Wednesday, September 6, 2023

ChatGPT actually gave some useful suggestions!

ChatGPT actually gave some useful suggestions!

Thought I'd share them here.

Physical impacts can cause a range of issues, from visible damage to subtle problems that only manifest under specific conditions. Here's a systematic approach to surveying the motherboard for damage:

1. **Visual Inspection**:

   - **Magnifying Glass or Loupe**: Use a magnifying glass or a loupe to inspect the motherboard closely. Look for any visible cracks, broken traces, or damaged components.

   - **Check Connectors**: Ensure that all connectors, including the PCIe slots, are intact and not bent or broken.

   - **Inspect Solder Joints**: Look for any solder joints that might have cracked or become loose due to the impact.

   - **Check for Debris**: Ensure there's no debris or foreign objects lodged between components or traces.

2. **Physical Inspection**:

   - **Press Gently**: Gently press down on various parts of the motherboard to see if there's any unusual movement, which could indicate a broken stand-off or mounting point.

   - **Check the Back**: Turn the motherboard over and inspect the back for any signs of damage or unusual marks.

3. **Functional Testing**:

   - **Power On**: If the visual and physical inspections don't reveal any issues, consider powering on the server. Listen for any unusual sounds and observe any irregular LED patterns.

   - **BIOS/UEFI Check**: Access the BIOS/UEFI and check for any hardware errors or warnings. Some systems run a self-test during startup and might report issues.

   - **PCIe Slot Test**: Since the impact dislodged a card from the PCIe slot, test that specific slot with a known working card to ensure it's still functional. Also, test the previously dislodged card in another slot or system to ensure the card itself isn't damaged.

   - **Stress Testing**: Use software tools to stress-test the system. Tools like Prime95, Memtest86, and FurMark can help identify issues with the CPU, memory, and GPU, respectively.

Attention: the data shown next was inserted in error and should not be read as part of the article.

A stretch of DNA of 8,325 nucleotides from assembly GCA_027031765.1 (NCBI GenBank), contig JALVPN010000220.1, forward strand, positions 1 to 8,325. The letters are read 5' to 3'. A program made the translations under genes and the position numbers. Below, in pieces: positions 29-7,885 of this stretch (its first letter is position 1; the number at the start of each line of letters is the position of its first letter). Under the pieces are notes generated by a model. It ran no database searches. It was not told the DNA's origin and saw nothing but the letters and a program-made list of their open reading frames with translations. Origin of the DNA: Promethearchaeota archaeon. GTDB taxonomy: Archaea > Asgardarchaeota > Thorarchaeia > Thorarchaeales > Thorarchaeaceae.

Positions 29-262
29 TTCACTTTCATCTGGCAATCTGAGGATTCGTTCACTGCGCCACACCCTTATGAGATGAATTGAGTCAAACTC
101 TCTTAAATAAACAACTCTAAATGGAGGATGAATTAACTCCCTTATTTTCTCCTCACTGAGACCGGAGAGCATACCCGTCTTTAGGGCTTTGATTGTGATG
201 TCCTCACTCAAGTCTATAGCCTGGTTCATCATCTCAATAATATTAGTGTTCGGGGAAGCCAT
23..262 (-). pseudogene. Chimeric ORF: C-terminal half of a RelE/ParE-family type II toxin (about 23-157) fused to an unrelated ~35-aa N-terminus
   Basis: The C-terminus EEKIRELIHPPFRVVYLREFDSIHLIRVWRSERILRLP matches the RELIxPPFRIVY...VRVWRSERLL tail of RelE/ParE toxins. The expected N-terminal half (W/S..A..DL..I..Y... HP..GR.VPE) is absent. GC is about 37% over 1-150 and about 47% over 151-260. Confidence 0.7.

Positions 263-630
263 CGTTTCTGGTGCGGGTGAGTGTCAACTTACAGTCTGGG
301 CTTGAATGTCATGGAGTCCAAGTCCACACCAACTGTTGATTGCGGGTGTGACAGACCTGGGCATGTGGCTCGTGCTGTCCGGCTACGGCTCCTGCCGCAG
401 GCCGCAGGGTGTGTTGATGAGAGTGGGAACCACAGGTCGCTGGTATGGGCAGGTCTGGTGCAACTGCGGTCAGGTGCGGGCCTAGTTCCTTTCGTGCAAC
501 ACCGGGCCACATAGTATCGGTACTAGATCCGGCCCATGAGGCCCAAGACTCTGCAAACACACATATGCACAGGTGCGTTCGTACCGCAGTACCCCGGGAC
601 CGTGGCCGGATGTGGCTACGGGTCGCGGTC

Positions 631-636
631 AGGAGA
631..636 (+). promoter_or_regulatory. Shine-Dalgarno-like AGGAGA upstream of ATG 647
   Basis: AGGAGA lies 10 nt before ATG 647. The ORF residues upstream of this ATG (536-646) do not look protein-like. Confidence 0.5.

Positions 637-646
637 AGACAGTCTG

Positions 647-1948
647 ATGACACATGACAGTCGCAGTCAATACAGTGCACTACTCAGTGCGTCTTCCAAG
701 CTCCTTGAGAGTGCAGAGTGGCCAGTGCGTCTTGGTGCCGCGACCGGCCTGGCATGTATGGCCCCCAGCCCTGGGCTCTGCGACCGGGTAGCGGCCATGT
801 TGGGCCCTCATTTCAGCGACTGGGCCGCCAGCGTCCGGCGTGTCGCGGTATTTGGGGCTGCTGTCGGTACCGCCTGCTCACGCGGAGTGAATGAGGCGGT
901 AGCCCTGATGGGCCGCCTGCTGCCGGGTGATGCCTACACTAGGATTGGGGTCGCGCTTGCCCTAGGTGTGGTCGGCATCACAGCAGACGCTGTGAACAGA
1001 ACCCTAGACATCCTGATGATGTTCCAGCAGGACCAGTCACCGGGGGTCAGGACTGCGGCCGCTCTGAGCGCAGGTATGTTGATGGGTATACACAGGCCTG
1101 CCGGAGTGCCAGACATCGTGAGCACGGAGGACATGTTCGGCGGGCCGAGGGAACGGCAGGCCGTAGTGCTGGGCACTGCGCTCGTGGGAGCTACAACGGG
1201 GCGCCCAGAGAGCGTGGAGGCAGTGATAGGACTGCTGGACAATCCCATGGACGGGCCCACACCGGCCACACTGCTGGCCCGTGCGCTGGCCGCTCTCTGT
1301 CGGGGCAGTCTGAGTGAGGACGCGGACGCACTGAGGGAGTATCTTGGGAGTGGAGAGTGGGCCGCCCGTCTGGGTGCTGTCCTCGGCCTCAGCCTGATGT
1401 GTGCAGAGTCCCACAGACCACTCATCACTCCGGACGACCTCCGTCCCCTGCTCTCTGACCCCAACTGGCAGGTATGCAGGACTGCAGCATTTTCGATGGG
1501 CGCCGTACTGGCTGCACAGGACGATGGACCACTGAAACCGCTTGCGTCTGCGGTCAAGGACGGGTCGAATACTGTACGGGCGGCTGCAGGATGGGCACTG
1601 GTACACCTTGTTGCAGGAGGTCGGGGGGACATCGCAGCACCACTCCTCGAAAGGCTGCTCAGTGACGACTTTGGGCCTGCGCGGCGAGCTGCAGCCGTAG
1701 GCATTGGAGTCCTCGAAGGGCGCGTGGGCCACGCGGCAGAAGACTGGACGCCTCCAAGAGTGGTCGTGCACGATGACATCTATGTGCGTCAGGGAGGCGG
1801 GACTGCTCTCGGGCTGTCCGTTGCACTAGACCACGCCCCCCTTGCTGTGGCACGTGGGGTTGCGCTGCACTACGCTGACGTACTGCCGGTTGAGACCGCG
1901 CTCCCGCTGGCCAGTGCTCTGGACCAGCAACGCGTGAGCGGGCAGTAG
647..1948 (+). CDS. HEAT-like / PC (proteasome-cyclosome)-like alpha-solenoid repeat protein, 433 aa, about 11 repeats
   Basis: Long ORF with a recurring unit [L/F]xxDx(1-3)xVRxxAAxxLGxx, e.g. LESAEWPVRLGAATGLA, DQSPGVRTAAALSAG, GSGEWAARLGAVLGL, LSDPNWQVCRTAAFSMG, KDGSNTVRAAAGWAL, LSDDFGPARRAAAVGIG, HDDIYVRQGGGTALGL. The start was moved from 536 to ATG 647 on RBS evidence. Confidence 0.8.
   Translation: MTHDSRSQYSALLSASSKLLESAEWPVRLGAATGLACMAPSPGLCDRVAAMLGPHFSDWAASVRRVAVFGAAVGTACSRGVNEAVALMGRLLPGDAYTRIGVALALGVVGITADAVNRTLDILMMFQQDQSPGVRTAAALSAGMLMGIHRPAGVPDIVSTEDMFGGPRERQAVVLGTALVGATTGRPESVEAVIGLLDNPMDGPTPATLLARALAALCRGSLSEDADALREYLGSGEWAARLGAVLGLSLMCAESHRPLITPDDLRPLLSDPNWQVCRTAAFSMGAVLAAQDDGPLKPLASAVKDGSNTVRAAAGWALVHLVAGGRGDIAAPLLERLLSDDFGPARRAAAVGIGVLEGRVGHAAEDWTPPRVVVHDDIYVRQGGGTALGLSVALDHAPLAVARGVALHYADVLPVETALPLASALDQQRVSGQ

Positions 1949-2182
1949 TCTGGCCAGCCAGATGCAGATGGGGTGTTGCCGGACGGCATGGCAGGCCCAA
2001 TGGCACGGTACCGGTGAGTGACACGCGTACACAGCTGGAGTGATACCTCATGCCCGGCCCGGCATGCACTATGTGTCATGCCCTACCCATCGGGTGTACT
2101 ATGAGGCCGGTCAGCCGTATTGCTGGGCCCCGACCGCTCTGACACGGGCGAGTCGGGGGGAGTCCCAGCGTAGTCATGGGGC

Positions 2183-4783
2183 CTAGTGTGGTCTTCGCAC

4. **Check Peripheral Components**:

   - **RAM**: Ensure that all RAM modules are seated correctly. Consider running a memory test to ensure they're functioning correctly.

   - **Storage**: Check that all storage devices (HDDs, SSDs) are securely connected and are recognized by the system.

   - **Cooling**: Ensure that all fans are operational and that heatsinks are securely attached.

5. **External Inspection**:

   - **Case and Chassis**: Check the server case and chassis for any signs of deformation or damage. Ensure that the motherboard is securely and correctly mounted within the case.

6. **Seek Expert Assistance**:

   - If you're unsure about any findings or if the server behaves erratically, consider seeking assistance from a professional or a specialized repair service. They might have specialized equipment, like multimeters or oscilloscopes, to diagnose issues more accurately.

7. **Document Everything**:

   - Take photos of any visible damage or irregularities. This can be useful for insurance claims, future reference, or if you decide to seek professional assistance.

Remember, even if the server appears to function normally after the impact, there could be latent issues that might manifest later. It's essential to be thorough in your inspection and testing to ensure the server's reliability and longevity.

Tuesday, September 5, 2023

ML350 G9, the continuing saga.

 ML350 G9, the continuing saga.

Part I: received the server, box was pretty 'bashed up'. 

The case was pretty 'bashed up', it had had a hard impact into the power-supplies (probably used to rest the case on the ground, by the delivery guys).